The only place I use Loctite (blue) on weapons are scope mounts, scope rings, and action screws torqued to the proper values.

BoogieMan
June 4, 2012, 07:12 AM
Sir;
If you fit things right you will not need loc-tite!
Harry B.

Im not a gunsmith, but I am a machinist and engineer. Listen to the words of Harry B..
I have often thought that you should need a license to buy Loctite. Believe it or not most people should be using grease or never seize where they are using loctite. To properly torque a screw you need lubrication. Properly torqued screws do not loosen. Consider loctite like a weld. If you wont weld that part dont loctite it. If you have vibration issues there are tacky products that dont harden which work much better than loctite. Also deformed thread screws, class 1 fit screws and nuts.
Dont believe me, check the machineries handbook.

dahermit
June 4, 2012, 07:19 AM
Heavy recoiling handguns (Read, Ruger, three-screw, Blackhawk, Flat Top, .44 Magnum), before the invention of nylon lock-screws, were notorious for becoming loose from recoil. Green loctite would have been outstanding back then. I once sent in a Ruger Super Blackhawk as per Ruger request, to have a new cross-bolt retaining screw fitted and they replaced all the screw in the gun with new nylock screws.
Locktite has legitimate uses on guns, with consideration on what strength is required.

hooligan1
June 4, 2012, 07:34 AM
Dahermit's right and so is the boogieman (you didn't hear that kids).
Locktite used properly does exactly what it is designed for, not letting screws become loose from vibration, I use the blue locktite of every base and ring combination, and I swear by it, My scope are zeroed once and through the years they stay zeroed, no problems. Lubricating machine screws and proper torque also works for me unless there is pounding recoil, then I like to locktite them "properly".;)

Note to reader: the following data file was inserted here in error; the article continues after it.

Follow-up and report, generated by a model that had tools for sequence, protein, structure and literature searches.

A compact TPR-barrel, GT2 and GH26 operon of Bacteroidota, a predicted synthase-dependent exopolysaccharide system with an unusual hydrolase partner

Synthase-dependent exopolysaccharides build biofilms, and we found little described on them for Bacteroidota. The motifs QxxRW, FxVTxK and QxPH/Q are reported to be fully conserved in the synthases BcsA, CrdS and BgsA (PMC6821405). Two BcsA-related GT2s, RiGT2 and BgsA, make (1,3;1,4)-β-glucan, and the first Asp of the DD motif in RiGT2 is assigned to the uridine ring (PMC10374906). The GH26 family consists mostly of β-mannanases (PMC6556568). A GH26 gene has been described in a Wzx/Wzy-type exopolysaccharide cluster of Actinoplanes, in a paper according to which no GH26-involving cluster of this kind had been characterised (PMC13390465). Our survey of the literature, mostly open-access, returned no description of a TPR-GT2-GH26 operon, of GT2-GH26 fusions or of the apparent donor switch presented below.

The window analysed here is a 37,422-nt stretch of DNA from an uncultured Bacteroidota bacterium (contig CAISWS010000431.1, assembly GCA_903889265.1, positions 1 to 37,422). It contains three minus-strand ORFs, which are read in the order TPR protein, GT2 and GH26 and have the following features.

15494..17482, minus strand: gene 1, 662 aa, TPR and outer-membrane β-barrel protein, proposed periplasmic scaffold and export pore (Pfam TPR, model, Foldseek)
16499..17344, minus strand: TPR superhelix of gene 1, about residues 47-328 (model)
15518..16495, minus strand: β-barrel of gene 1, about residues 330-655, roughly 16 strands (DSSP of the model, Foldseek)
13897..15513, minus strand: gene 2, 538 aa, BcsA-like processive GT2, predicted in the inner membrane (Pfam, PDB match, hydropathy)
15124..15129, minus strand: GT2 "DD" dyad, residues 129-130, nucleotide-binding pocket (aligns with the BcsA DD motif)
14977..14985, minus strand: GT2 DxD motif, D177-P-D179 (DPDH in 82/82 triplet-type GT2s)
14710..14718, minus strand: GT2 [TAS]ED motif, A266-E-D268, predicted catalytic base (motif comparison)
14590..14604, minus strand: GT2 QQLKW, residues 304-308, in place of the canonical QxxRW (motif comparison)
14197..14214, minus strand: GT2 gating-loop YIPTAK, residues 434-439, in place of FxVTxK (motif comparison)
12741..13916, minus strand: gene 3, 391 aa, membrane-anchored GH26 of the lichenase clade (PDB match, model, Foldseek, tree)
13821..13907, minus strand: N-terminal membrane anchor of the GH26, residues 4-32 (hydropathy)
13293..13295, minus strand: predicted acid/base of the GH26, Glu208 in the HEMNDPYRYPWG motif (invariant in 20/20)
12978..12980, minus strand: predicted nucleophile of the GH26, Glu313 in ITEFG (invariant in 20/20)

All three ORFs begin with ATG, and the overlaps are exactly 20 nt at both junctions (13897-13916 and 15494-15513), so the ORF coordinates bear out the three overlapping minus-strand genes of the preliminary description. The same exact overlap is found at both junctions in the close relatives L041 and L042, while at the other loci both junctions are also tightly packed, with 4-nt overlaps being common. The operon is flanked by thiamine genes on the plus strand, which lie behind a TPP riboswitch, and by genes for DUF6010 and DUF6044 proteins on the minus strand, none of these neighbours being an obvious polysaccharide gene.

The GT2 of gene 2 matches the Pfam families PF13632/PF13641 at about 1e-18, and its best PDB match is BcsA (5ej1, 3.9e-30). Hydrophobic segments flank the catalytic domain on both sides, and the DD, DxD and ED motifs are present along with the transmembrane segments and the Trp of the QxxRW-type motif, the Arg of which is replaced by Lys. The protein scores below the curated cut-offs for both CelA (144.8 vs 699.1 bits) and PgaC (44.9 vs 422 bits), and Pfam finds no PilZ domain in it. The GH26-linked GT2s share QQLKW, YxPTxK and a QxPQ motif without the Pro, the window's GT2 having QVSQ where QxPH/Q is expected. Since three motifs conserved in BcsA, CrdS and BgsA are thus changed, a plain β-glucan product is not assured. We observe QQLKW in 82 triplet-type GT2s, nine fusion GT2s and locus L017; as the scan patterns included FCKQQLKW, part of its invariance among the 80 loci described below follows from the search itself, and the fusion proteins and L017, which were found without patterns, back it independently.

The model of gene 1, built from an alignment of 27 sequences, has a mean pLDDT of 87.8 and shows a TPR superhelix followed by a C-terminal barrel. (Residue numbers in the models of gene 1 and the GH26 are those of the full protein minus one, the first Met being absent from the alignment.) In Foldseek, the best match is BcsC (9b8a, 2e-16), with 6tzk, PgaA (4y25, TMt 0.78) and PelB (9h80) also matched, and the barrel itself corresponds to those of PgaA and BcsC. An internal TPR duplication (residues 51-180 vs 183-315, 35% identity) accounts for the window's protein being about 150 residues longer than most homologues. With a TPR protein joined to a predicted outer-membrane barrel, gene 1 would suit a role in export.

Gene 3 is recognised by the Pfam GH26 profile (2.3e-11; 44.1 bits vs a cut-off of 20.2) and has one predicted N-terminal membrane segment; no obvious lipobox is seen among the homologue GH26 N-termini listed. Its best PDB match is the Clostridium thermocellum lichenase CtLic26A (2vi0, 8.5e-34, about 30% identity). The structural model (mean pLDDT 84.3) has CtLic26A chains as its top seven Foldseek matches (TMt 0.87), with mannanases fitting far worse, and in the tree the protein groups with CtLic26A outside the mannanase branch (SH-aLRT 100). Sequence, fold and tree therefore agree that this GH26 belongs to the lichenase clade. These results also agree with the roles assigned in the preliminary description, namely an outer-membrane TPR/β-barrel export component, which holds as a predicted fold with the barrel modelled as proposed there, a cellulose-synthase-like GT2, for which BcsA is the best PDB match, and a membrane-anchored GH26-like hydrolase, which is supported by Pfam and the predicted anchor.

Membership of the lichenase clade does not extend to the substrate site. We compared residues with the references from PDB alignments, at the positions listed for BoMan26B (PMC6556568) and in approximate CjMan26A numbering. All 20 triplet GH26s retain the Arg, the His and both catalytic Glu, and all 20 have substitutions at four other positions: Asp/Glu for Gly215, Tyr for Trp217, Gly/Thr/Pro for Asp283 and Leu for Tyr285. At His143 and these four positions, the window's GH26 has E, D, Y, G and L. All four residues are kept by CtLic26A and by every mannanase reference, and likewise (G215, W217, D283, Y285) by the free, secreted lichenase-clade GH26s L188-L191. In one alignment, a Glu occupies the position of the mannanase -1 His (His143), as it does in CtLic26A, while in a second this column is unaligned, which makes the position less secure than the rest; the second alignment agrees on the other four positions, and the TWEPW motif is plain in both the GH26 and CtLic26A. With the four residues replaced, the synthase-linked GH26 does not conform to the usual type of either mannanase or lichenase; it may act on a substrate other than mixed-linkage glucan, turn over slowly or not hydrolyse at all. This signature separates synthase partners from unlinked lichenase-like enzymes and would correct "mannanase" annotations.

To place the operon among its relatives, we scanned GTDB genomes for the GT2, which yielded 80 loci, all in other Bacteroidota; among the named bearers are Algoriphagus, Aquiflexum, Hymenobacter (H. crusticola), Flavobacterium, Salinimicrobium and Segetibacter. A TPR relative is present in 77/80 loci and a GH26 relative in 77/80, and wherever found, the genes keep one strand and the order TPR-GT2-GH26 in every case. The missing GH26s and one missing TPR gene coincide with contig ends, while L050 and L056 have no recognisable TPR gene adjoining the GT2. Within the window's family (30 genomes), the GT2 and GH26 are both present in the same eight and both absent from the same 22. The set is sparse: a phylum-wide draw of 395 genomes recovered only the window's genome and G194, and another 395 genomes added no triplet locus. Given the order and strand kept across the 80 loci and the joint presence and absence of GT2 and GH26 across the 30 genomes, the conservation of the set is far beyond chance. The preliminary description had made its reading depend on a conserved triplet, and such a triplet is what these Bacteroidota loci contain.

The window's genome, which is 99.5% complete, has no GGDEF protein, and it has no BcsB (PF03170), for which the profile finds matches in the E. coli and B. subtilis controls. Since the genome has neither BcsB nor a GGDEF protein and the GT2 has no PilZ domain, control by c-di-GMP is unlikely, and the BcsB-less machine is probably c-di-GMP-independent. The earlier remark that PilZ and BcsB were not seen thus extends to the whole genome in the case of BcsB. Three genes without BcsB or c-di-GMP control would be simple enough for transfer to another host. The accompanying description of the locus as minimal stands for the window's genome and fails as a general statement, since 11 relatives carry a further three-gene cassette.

dahermit
June 5, 2012, 08:42 AM
If you have vibration issues there are tacky products that dont harden which work much better than loctite.Uhhhh. Green Loctite? Green Loctite is a low-strength product that is intended for frequently removed screws. Blue would work well on scope mounts. Red is intended for permanent installations. Black Max...well, you get the idea.
As for correct torqued screws not requiring loctite, the screws on the Three-screw Ruger Blackhawk loosened no matter how tight I set them. Any tighter and I would have snapped them off. Perhaps that is why Ruger changed to Nylon lock screws?
Furthermore, how may gun owners have the proper torque wrench/screwdriver sitting on thier bench. How could the average gun owner apply the proper torque on the gun screws every time he cleans his guns?

eldorendo
June 6, 2012, 06:39 PM
640 Loctite is green, and it sure as hell ain't "low-strength!" It's a sleeve retainer and requires more heat than red (271) Loctite for removal.